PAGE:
You work so hard to get a job interview that may lead to a job. But how much time, in hours, are you spending to prepare for that meeting? Not enough. And if your answer is “enough” then double that time.
“Crap” comes in two forms: Mistakes and excuses that prevent you from “winning” a job in this competitive environment. Most mistakes are innocent!
After 30 years of interviewing, mentoring and hiring, here are the top interview bloopers I’ve witnessed:
1.Not rehearsing the most basic interview questions.
2.Not bringing copies of your resume, cover letter, and the job description you are discussing.
3.Not bringing pad and pen to take notes (no, not a device!)
4.Not studying the company, the division that is hiring, or the job description in great detail.
5.Not dressing appropriately, looking disheveled, disorganized.
6.Not knowing where you are going; therefore, being late.
As you see, interview preparation is not just studying possible questions. It is important to lay out the items you need to take with you, leave early and much more. That’s why I have TWO interview chapters in my book. One shares all the things you can do well before you even have an interview. The later chapter discusses the day-before preparation., You will be surprised how much more calm you will be during the interview and, as a result, how much better you will do.
Did you know that networking meetings, informational meetings and interviews are all the same? Regardless who you are meeting with, the person on the other side of the table or the phone is asking themselves the following:
•Are they someone I would recommend to someone I know?
•Are they someone who is showing the skills needed to be successful at work?
•Are they committed to the job search process and will follow through on next steps? Or are they just sniffing around?
•Are they passionate about the job or company or industry we are talking about?
So, here are the top 3 preparation steps you can adopt to be successful:
Step 1: Interview Questions: Study the top 10 most common interview questions and write down no more than 3 bulleted answers to each one. Practice and repeat them. For phone interviews, you should have a “cheat sheet” in front of you. And it’s okay to bring in notes for your face-to-face meeting, too.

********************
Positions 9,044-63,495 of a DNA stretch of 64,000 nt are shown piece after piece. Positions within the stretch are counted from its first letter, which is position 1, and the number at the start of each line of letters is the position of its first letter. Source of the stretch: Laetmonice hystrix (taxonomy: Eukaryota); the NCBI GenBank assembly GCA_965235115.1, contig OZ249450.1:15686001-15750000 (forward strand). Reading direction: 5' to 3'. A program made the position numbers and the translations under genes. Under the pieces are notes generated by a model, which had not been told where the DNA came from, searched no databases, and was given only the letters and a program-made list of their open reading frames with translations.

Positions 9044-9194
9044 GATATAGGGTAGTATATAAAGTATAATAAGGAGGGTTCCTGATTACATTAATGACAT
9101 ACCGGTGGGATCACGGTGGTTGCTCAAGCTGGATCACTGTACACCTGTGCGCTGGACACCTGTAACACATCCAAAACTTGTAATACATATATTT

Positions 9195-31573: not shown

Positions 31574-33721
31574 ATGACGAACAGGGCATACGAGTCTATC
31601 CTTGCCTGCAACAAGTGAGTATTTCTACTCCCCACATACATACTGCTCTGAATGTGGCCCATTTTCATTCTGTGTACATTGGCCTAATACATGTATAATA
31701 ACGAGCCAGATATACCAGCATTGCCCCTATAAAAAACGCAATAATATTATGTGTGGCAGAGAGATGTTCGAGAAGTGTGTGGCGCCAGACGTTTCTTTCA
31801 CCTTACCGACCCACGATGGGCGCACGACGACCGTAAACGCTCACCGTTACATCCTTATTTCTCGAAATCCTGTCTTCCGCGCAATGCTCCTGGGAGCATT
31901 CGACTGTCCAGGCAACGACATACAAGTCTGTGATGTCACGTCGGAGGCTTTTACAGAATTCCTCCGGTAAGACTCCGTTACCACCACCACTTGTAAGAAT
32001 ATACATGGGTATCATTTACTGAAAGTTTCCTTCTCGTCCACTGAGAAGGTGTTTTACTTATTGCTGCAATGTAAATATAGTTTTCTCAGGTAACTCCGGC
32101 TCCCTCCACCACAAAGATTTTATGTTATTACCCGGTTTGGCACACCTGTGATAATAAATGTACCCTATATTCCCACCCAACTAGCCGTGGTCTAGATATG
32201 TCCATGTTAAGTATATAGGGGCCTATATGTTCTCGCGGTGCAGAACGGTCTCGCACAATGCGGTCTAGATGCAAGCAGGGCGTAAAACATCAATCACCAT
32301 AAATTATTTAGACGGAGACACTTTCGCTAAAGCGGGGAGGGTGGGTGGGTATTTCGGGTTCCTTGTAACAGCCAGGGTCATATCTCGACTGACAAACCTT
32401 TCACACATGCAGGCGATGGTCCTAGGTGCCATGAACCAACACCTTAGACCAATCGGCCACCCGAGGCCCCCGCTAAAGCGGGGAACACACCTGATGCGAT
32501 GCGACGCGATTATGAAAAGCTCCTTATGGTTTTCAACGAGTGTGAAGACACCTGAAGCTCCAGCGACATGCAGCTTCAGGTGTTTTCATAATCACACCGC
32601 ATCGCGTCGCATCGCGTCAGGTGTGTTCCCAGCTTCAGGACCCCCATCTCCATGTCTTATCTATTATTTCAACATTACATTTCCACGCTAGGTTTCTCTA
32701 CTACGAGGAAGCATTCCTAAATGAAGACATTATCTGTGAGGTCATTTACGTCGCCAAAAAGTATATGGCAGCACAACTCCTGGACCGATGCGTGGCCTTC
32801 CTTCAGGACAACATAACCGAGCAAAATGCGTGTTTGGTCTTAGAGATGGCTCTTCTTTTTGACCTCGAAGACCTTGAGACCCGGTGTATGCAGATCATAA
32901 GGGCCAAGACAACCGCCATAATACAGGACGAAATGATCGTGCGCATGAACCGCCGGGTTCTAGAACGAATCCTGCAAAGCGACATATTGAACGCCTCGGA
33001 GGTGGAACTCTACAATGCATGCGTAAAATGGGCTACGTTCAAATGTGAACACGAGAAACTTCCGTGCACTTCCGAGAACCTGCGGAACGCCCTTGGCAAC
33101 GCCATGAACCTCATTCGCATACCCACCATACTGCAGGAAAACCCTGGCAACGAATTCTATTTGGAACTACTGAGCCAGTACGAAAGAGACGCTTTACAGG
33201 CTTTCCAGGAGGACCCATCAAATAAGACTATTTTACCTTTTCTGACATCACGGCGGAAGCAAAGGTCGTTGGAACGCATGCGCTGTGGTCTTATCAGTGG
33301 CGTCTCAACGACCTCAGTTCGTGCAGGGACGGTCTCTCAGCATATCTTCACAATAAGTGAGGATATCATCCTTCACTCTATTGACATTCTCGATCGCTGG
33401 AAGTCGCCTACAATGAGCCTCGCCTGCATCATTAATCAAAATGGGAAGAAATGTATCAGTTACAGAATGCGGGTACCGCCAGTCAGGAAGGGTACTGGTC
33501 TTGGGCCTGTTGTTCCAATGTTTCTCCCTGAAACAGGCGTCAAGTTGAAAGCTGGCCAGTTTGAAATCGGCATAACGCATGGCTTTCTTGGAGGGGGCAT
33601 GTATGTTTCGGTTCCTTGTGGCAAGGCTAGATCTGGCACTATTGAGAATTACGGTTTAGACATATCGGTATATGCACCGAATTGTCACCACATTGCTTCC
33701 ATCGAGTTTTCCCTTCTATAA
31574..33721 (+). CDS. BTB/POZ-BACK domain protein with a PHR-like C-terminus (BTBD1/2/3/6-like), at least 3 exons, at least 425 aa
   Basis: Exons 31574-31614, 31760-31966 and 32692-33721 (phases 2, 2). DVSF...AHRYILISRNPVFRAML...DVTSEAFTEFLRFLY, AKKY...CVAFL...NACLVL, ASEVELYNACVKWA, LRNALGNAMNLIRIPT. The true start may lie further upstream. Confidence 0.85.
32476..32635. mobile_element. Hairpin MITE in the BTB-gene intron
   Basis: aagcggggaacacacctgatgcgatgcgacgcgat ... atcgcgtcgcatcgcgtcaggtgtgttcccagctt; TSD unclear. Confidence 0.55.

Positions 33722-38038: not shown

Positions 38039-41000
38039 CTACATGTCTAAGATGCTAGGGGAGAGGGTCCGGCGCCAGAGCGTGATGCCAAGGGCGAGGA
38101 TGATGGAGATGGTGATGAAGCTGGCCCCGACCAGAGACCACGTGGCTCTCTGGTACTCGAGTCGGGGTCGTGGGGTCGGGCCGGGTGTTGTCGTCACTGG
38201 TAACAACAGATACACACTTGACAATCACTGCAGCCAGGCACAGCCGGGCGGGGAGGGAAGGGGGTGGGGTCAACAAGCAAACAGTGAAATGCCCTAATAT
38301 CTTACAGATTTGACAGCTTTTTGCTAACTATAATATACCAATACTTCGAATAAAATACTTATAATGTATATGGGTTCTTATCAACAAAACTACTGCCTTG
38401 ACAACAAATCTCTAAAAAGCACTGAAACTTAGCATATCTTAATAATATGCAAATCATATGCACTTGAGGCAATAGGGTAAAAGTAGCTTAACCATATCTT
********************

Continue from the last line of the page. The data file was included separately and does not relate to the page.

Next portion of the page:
Step 2: Job Description and Your Resume: List the top 5 reasons why you are the best candidate for the job or company. These should listed in the form of skills and experience you have to offer THEM and should not be a list of random skills you have that are irrelevant to the job or company. Memorize those and word them in terms of “You’re looking for XYZ and I have Y years of experience and Z skills”. Prepare examples of each skill, as well, so you can answer “tell me a time when you have performed that skill.”
Step 3: Prepare to Meet – the day before: Make more than enough copies of your resume, your cover letter, any samples of your work and the job description. Organize them all in a neat-looking folder. Bring paper and a pen to take notes with (and take notes!). Lay out the clothes you are going to wear and try them on to assure all looks good. Print a Bing Maps (or other) and double the time you think it is going to take to get there. If you are not sure, then drive there days before to find the exact location or get there super early then go find a coffee shop to wait at. Finally, set two alarms if the meeting is in the morning.
In summary, be ultra-prepared and “Cut the Crap™, Get a Job!” (on Amazon and comes with 9 free downloadable tools, including a guide on how to answer the top interview questions)
(To accelerate your next career move or hire a dynamic speaker, visit DanaManciagli.com